One of the most enduring topoi of political philosophy is that particular interests and passions, combined with ignorance, are the major obstacles in the way of a rational ordering of public affairs. The whole idea is inspired by the hypothesis that passions are necessarily selfish and that reason is not.
The assumption that there are generous passions, that there is a thirst for this-worldly justice, is wholly new. This is why solidarity is understood, still, as a sentimental notion bereft of conceptual force, however heart-warming and lovely. This is why Marx’s idea that the class interests of the proletariat do ‘objectively’ coincide with the general interest of the emancipation of all mankind is a philosophic construction. Empirically, however, the emotional reality of the international workers’ movement–and of all great revolutions–has been a passion for justice, a desire of transcending selfishness. The goal will be to analyse the inherent conceptual content of such a desire and to ask for the place of solidarity in a reified society.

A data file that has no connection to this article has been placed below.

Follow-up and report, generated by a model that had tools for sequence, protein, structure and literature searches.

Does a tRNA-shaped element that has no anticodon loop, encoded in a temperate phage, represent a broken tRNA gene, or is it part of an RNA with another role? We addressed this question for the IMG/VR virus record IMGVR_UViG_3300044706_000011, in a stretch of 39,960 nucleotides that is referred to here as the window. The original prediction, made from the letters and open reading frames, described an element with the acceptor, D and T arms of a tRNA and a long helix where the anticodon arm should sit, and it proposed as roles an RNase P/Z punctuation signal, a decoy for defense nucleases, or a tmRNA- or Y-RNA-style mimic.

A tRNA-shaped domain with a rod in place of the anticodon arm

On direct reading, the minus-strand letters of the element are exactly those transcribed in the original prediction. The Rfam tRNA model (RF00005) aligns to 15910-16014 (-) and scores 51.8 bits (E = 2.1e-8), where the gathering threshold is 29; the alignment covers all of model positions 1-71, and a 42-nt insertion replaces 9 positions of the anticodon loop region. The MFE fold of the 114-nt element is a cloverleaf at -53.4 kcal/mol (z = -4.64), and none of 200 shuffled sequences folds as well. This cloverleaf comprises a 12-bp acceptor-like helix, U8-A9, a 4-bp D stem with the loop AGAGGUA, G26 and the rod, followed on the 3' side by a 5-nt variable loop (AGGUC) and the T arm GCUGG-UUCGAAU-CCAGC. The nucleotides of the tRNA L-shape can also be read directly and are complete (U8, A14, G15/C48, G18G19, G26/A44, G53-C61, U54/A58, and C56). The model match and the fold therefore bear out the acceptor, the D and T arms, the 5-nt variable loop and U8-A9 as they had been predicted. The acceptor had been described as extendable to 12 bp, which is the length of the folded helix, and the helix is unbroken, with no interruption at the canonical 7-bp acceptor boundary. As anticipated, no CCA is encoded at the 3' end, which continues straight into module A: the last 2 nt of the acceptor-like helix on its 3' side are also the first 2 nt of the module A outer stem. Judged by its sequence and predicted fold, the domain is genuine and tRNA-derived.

G. M. Tamás is a Hungrian philosopher and prolific writer of essays. He mainly lives in Budapest and recently is a frequent speaker at demonstrations or left-wing gatherings. Being a former dissident, his views on political theory and philosophy gradually shifted to the left. He is said to belong–with Žižek, Badiou, Kurz, Negri and others–to the company of heretical European Marxists.
Selected Publications: Les Idoles de la tribu (1989), Telling the Truth about Class (Socialist Register 2006), Innocent Power (2012), Kommunismus nach 1989 (2015).
In cooperation with the ERC Project GRAPH–The Great War and Modern Philosophy, KU Leuven.
The keynote speech by Professor Tamas was part of the workshop Pro Patria Mori – Solidarity and Sacrifice in the First World War, which took place at the IWM on April 14 and 15, 2016.